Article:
Oil Falls Further on Saudi Calm, China Outlook  By Investing.com


© Reuters.

By Barani Krishnan

Investing.com – Two weeks on and oil bulls are swimming against the bearish tide since the Saudi attack. The kingdom’s assurance that its crude output was undamaged and that it will not strike at Iran drove prices down by another 1% or more on Monday.

settled down $1.84, or 3.3%, at $54.07 per barrel.

settled down $1.79, or 2.9%, at $59.25.

“ has closed the gap after the attack on Saudi Arabia,” said Olivier Jakob of oil risk consultancy PetroMatrix.

After surging as much as $8 per barrel initially, both WTI and fell in a slow but persistent slide over the past two weeks as Saudi Arabia said its production had recovered fully from the Sept. 14 attack. It also said it had a higher output capacity now than before.

On Monday, WTI settled 75 cents below its pre-attack price of $54.85. was nearly $1 below its earlier level of $60.22.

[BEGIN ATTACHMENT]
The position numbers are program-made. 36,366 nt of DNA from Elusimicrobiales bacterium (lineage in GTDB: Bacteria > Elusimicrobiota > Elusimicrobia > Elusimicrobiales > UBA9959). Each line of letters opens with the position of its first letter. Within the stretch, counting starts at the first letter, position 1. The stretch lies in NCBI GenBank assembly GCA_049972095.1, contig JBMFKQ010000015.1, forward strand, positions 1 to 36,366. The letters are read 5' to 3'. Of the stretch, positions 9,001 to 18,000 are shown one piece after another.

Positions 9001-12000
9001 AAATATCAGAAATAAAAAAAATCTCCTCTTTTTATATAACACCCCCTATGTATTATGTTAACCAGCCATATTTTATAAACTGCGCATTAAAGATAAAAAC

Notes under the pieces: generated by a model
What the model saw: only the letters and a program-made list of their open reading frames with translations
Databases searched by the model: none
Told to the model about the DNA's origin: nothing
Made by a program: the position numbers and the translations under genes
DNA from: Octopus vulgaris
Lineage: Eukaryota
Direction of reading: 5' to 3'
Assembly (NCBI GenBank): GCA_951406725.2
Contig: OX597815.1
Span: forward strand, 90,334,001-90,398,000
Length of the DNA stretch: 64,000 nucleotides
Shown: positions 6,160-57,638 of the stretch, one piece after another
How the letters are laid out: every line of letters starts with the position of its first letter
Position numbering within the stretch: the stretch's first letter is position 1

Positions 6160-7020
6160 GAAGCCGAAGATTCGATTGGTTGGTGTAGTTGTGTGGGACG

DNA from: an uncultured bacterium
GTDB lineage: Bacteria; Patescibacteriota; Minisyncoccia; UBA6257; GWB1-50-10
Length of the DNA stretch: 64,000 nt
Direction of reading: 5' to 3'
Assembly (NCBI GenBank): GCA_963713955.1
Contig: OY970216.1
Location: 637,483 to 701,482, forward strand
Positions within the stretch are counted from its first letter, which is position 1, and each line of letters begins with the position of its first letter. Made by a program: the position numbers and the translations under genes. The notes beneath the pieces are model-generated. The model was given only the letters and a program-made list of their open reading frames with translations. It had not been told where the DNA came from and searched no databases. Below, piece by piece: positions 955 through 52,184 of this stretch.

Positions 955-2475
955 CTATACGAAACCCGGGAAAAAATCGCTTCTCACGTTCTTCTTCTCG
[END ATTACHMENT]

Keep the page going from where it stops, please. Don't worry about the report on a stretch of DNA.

While buying on dips prevented an acceleration of last week’s selling, it’s “not enough to reverse the trend,” Jakob said.

The lack of any military response by Saudi Arabia toward Iran, which it has accused of the attack, has also erased any war premium from oil prices.

Saudi Arabia’s Crown Prince Mohammed bin Salman warned in an interview broadcast with CBS on Sunday that oil prices could spike to “unimaginably high numbers” if the world does not come together to deter Iran. But he added that he would prefer a political solution to a military one.

Moving on from the Saudi saga, a week-long holiday in China to celebrate the Golden Week is expected to keep the lid on market positives this week.

Adding to that is a subdued Chinese economic outlook, despite a rebound in manufacturing.

Chinese Vice Premier Liu He is expected to travel to the U.S. next week to resume trade talks, but markets aren’t holding out too much hope, given President Donald Trump’s vacillations so far over the negotiations.

Tame inflation data from Germany, as well as the second-lowest reading in four years is also keeping the macro tone in oil subdued.

Hedge funds and other money managers sold 16 million barrels of futures and options in the six major petroleum contracts in the week to Sept. 24, after buying a total of 144 million in the previous two weeks, according to Reuters columnist John Kemp.

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